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DFT boot camp, Part 3: Advanced fault models

Posted: 05 Jan 2016     Print Version  Bookmark and Share

Keywords:Automatic test pattern generation  ATPG  IDDQ  CMOS  test compression 

A recent approach, called cell-aware test, targets specific shorts, opens, and other physical defects internal to each cell by modelling it at the transistor level. Analogue simulations are performed to characterise the effects of potential short and open defects. Based on the analogue simulation results, a cell-aware fault model is created that directs ATPG to generate patterns targeting these internal cell defects. There have been multiple studies that show that tests generated using cell-aware UDFM find defects that the normal test methods miss. One such study by AMD found that after 400,000 die had been tested, 880 defective die per million passed the standard manufacturing test, but were detected by the cell-aware tests.

The first step in the cell-aware methodology is to characterise each cell in a technology library. The flow is illustrated in figure 3. The transistor layout for each cell, typically in GDSII format, is the starting point. An extraction tool, such as Calibre xRC, is used to extract a transistor-level analogue netlist, including parasitic capacitors and resistors. The netlist is used to identify the location of possible bridge and open defects. To model a potential cell internal bridge, the parasitic capacitor is replaced by a resistor model. Opens occur when there is a gap in a connection. In this case, a parasitic resistor that describes connectivity is replaced by a high-impedance resistor.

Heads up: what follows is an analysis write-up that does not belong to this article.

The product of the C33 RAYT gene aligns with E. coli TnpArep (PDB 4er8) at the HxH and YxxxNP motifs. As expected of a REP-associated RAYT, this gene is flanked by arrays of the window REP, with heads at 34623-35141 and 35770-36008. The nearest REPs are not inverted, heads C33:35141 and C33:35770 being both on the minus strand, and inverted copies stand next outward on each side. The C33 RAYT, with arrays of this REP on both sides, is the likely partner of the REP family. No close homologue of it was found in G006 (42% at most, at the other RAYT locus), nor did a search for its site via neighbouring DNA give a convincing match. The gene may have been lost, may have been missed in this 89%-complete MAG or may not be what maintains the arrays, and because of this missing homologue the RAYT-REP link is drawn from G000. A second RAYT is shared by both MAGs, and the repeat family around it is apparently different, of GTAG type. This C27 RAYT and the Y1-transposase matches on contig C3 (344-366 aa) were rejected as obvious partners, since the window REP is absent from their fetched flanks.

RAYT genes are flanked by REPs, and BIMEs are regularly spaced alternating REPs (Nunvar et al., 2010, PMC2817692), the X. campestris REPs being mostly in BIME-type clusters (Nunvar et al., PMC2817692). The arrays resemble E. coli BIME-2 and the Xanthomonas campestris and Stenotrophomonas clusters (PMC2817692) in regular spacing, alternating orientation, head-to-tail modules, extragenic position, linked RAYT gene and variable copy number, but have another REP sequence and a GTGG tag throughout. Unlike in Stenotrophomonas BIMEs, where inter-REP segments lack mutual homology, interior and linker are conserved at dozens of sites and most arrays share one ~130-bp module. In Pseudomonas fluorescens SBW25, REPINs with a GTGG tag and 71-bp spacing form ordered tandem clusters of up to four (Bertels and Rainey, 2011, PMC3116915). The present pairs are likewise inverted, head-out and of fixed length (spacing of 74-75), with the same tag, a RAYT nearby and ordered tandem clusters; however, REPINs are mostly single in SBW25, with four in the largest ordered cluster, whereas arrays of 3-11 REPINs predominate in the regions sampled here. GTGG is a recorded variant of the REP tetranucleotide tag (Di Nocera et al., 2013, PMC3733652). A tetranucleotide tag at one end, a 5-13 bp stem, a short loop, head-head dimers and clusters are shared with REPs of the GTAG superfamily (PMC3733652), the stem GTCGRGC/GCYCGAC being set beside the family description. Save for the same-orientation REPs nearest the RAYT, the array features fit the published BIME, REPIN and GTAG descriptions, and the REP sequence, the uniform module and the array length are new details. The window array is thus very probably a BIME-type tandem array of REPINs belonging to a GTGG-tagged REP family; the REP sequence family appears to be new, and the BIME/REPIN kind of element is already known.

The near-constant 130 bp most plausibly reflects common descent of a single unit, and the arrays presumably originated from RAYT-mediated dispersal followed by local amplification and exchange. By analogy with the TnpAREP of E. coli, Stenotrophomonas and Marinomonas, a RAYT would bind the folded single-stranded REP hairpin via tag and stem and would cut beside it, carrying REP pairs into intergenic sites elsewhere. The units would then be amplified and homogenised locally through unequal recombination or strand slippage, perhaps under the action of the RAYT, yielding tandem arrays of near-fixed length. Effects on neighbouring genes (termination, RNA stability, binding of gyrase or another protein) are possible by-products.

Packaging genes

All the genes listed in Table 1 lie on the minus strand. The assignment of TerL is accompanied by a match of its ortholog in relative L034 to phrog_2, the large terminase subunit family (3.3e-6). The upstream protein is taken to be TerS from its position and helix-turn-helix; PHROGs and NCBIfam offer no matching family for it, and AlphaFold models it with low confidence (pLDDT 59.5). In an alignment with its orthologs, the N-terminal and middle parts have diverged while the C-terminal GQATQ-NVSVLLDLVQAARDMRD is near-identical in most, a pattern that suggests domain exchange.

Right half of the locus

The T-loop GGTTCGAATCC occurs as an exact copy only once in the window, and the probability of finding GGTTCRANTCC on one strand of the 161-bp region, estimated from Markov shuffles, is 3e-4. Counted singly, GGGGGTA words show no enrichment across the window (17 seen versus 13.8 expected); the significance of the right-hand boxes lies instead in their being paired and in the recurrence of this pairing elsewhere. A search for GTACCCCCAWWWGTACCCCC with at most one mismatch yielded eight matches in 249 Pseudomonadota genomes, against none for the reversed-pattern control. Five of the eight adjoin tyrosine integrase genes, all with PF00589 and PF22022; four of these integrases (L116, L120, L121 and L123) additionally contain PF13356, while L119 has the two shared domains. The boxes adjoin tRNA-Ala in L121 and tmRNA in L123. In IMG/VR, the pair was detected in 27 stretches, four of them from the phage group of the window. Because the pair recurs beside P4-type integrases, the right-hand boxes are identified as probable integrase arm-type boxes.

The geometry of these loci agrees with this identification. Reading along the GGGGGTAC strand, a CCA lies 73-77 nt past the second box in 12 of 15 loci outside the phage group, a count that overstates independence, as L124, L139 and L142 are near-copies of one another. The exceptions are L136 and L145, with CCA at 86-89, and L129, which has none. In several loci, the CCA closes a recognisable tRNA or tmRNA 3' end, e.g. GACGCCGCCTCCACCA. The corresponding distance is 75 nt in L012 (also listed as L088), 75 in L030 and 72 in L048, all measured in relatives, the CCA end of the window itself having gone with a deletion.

Figure 3: The cell-aware library characterisation flow produces a cell-aware fault model.

Analogue simulation is then performed to generate the cell-aware model. The analogue simulation process iteratively modifies each parasitic element in the netlist, performs the simulation, and compares the results to the fault-free analogue simulation to conclude if the inserted defect is detected or not. Defects are determined as "detected" when the cell's output voltage deviates from the "good circuit" voltage by a specified percentage (typically 50%). Not all bridge or open defects are, however, detected by a static change in the output voltage. Some may result in a delay in the output voltage swing. For these defects, a dual-cycle analogue fault simulation is performed at-speed in order to detect even small delays.

The final process in cell-aware characterisation is to convert the list of input combinations into a set of the necessary input values for each fault within each cell. Because this fault information is defined at the cell inputs as logic values, it is basically a logic fault model representation of the analogue defect simulation. This set of stimulus for each cell represents the cell-aware fault model file for ATPG.

Within this file, a simulated defect (now a fault) can have one or more input combinations. An example of a cell-aware fault model is shown here:

udfm1.0 {
udfmtype "my_stuck_at" {

cell "XOR2" {
Fault "my_stuck_01" {
Test { StaticFault "Z"=0; Condition "A"=0; Condition "B"=1; }
Test { StaticFault "Z"=0; Condition "A"=1; Condition "B"=0; }
Test { StaticFault "Z"=1; Condition "A"=0; Condition "B"=0; }

For this example fault 'my_stuck_01', ATPG will try to find any of the three input combinations when targeting this fault in a design. If any one of the combinations can be applied to an instance of the cell and the fault effect can be propagated to an observation point, then the fault is marked as detected for this instance; the other combinations are no longer necessary.

Because the cell characterisation process is performed for all cells within a technology library, any design using that technology can read in the same cell-aware fault model file. Characterisation only needs to occur once, and can then be applied to any design using that technology node library.

Modelling FinFET defects
The cell-aware methodology is well suited for addressing defect mechanisms specific to FinFETs. Consider a FinFET transistor with three fins, as illustrated in figure 4. Research suggests that two defect types should be considered for such transistors: leakage defects that force the transistor partially or completely on, and drive-strength defects that force the transistor partially or completely off.

Figure 4: A three-fin FinFET transistor.

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